The effect of developmental temperature on the genetic architecture underlying size and thermal clines in Drosophila melanogaster and D-simulans from the east coast of Australia

Belinda Van Heerwaarden, Carla Sgro

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Body size and thermal tolerance clines in Drosophila melanogaster occur along the east coast of Australia. However the extent to which temperature affects the genetic architecture underlying the observed clinal divergence remains unknown. Clinal variation in these traits is associated with cosmopolitan chromosome inversions that cline in D. melanogaster. Whether this association influences the genetic architecture for these traits in D. melanogaster is unclear. Drosophila simulans shows linear clines in body size, but nonlinear clines in cold resistance. Clinally varying inversions are absent in D. simulans. Line-cross and clinal analyses were performed between tropical and temperate populations of D. melanogaster and D. simulans from the east coast of Australia to investigate whether clinal patterns and genetic effects contributing to clinal divergence in wing centroid size, thorax length, wing-to-thorax ratio, cold and heat resistance differed under different developmental temperatures (18 degrees C, 25 degrees C, and 29 degrees C). Developmental temperature influenced the genetic architecture in both species. Similarities between D. melanogaster and D. simulans suggest clinally varying inversion polymorphisms have little influence on the genetic architecture underlying clinal divergence in size in D. melanogaster. Differing genetic architectures across different temperatures highlight the need to consider different environments in future evolutionary and molecular studies of phenotypic divergence.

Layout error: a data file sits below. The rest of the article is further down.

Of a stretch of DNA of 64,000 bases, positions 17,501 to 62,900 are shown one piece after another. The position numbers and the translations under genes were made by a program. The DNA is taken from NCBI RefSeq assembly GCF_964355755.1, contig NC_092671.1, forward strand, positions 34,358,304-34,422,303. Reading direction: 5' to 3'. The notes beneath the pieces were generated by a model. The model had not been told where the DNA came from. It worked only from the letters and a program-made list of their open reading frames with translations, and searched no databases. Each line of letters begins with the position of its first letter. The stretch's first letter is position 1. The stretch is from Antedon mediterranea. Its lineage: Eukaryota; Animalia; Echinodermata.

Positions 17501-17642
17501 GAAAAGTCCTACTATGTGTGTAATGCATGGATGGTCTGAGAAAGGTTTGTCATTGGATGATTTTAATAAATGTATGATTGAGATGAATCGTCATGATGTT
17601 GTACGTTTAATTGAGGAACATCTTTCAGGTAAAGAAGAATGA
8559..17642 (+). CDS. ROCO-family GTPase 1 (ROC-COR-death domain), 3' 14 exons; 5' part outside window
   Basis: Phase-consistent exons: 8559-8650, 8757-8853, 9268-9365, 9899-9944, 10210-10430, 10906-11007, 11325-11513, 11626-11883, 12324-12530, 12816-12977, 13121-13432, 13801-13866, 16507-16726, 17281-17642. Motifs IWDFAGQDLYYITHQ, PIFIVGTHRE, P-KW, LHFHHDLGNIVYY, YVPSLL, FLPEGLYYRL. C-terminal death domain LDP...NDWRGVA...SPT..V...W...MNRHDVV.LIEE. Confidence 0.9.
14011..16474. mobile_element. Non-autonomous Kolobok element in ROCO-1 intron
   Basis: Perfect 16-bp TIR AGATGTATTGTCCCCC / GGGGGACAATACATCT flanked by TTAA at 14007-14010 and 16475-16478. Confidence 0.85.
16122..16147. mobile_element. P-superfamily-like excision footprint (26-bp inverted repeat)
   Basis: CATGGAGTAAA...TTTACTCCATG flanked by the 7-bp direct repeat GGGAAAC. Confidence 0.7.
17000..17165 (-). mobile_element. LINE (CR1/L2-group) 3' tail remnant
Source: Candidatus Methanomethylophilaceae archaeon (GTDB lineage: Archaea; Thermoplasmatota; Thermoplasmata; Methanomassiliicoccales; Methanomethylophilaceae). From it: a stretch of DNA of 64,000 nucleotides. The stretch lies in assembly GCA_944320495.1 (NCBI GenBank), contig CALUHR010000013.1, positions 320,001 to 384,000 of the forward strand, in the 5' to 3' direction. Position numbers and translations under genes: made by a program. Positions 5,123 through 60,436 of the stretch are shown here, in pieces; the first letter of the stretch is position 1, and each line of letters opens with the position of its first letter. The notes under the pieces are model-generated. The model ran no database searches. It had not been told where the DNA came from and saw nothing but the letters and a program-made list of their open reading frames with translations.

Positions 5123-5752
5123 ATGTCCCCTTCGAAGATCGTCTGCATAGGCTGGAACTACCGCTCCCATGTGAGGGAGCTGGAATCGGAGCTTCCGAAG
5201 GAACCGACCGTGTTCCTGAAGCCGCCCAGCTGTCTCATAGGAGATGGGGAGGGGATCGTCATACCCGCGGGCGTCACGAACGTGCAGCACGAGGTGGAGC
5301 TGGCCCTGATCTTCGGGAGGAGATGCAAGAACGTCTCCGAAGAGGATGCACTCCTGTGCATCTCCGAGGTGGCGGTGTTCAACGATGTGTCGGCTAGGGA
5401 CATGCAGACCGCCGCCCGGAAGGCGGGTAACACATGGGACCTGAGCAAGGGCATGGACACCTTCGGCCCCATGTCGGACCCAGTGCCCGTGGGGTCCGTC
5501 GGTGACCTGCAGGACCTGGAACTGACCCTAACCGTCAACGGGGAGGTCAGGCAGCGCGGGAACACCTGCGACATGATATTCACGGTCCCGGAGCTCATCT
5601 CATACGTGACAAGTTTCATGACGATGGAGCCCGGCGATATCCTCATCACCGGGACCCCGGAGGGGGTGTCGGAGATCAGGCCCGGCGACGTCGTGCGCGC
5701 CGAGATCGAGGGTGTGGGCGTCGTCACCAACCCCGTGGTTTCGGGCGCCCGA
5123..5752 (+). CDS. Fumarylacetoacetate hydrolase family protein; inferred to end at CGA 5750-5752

Original languageEnglish
Pages (from-to)1048 - 1067
Number of pages20
Issue number4
Publication statusPublished - 2011

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